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Project Jobs: Resume Makeover

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PARKER, Colo.- The down economy puts a strain on almost everyone looking for a job, especially those who have been out of work for a long period of time.

For the past 19 years Karen Jara has worked as a full-time mom. Her three children are all grown up now, with the youngest on the way to college, and now Karen wants to get back into the work force. “With my kids being the age they are now…I’m more willing to be out there.”

The problem for Karen is her resume lacks nearly two decades of experience, but that’s not stopping her from trying. “If you have the skills to be at home, and you manage your home, and manage your children, you have something to offer outside.”

Recently Karen took a seasonal job with a large retailer, and it turned into a part time job. Now she’s looking for something more fulfilling. One of Karen’s concerns is that the main work experience she’s had for the past couple years is running fundraisers. “I know this translates into the workforce”

Fox 31 Denver set Karen up with resume expert Roberta Gamza who operates Career Ink. She says the things Karen did as a mom translate the business world. “Volunteer work presents the same skills that you’d find in a business scenario.” As far as the numerous fundraisers over the years, Roberta says that’s a huge plus. “Fundraising in the private sector, or even the non-profit sector relates to revenue generation in the corporate sector.”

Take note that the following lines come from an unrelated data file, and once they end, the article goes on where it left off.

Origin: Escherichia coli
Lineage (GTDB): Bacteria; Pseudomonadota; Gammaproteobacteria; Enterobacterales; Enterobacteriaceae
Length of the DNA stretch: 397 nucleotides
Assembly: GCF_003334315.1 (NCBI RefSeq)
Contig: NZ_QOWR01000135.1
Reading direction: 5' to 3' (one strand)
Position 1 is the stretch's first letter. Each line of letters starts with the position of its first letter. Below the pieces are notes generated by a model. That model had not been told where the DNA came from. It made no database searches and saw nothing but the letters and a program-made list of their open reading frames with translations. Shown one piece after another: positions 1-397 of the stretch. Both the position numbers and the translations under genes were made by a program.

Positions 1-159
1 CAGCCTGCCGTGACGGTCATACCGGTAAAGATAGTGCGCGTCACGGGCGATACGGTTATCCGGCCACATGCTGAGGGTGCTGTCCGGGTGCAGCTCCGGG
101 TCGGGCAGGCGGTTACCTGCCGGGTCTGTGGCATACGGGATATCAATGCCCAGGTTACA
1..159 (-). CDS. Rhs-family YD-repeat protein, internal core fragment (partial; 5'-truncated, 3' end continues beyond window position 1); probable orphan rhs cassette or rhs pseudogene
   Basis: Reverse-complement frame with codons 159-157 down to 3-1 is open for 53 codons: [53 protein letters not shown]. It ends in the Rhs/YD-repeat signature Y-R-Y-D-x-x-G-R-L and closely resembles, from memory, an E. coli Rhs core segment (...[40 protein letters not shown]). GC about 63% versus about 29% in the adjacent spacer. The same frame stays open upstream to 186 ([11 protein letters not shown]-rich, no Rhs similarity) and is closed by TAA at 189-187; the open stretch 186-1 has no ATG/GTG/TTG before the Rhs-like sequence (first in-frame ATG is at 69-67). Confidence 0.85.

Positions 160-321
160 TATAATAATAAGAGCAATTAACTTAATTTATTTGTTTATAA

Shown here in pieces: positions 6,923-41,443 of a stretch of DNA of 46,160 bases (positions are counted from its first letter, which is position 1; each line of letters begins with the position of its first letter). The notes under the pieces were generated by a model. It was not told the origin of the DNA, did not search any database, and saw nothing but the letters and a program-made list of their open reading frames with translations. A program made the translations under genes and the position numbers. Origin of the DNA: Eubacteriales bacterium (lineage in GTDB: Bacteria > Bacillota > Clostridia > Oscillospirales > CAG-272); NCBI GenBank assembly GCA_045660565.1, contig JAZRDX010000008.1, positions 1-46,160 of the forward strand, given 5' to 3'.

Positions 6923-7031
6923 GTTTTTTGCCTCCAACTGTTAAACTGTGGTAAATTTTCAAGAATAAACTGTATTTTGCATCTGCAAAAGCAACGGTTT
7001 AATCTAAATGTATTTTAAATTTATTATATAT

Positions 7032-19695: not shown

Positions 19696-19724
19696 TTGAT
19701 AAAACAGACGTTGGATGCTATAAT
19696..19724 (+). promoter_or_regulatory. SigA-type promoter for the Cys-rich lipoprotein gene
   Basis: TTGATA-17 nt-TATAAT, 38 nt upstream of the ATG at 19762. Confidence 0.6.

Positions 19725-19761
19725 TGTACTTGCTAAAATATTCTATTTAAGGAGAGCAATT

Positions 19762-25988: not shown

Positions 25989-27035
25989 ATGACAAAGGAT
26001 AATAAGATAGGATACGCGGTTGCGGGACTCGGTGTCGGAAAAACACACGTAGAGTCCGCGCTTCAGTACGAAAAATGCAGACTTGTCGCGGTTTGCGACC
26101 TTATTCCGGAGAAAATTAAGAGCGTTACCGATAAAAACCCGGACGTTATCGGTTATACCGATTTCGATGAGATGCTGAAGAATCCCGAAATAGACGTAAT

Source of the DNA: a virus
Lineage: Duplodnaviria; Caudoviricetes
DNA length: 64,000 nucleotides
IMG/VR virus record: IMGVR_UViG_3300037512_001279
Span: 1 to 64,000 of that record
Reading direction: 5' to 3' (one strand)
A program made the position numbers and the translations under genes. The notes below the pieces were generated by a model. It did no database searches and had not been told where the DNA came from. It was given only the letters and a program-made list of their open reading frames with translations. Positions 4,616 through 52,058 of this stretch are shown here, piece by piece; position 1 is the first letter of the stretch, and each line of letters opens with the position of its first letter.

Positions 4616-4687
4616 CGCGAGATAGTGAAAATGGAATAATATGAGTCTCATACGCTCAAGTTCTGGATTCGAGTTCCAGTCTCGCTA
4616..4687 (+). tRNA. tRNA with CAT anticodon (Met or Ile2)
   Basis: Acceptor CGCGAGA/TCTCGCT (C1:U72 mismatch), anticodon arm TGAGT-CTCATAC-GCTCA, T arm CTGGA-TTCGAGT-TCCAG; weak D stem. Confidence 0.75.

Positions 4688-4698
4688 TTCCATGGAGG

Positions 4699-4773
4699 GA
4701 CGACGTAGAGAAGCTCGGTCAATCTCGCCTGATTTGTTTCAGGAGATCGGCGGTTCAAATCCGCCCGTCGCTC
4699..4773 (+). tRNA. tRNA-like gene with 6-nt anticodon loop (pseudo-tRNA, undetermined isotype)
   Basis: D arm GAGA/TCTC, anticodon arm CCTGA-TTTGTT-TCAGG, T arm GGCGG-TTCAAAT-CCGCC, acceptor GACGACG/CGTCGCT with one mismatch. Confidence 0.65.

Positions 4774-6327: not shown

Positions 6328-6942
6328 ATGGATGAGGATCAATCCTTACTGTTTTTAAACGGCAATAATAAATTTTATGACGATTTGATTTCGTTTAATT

Before Karen’s meeting with Roberta her resume was, for lack of a better term, unimpressive. “This was pretty much a chronology, a history, pretty much bare bones.” But after their meeting, the resume came to life with key words employers look for, along with a job title. Something the old resume lacked. Gamza says now, “there’s a direction.”

Instead of focusing on work history, which Karen lacks, the new resume focuses more on job capabilities. In a detailed table, it spells out exactly what Karen can do for a potential employer using what Gamza calls “buzz words.” A recent study shows employers spend an average of just six seconds looking at a resume before deciding yes, or no on a candidate. Gamza says, “this is pure marketing, and more targeted marketing is more effective.  It always is.”

As far as how Karen feels about her new identity on paper, she says, “I feel more confident – she makes me look really good on paper.  And that is a boost in your confidence in and of itself.”

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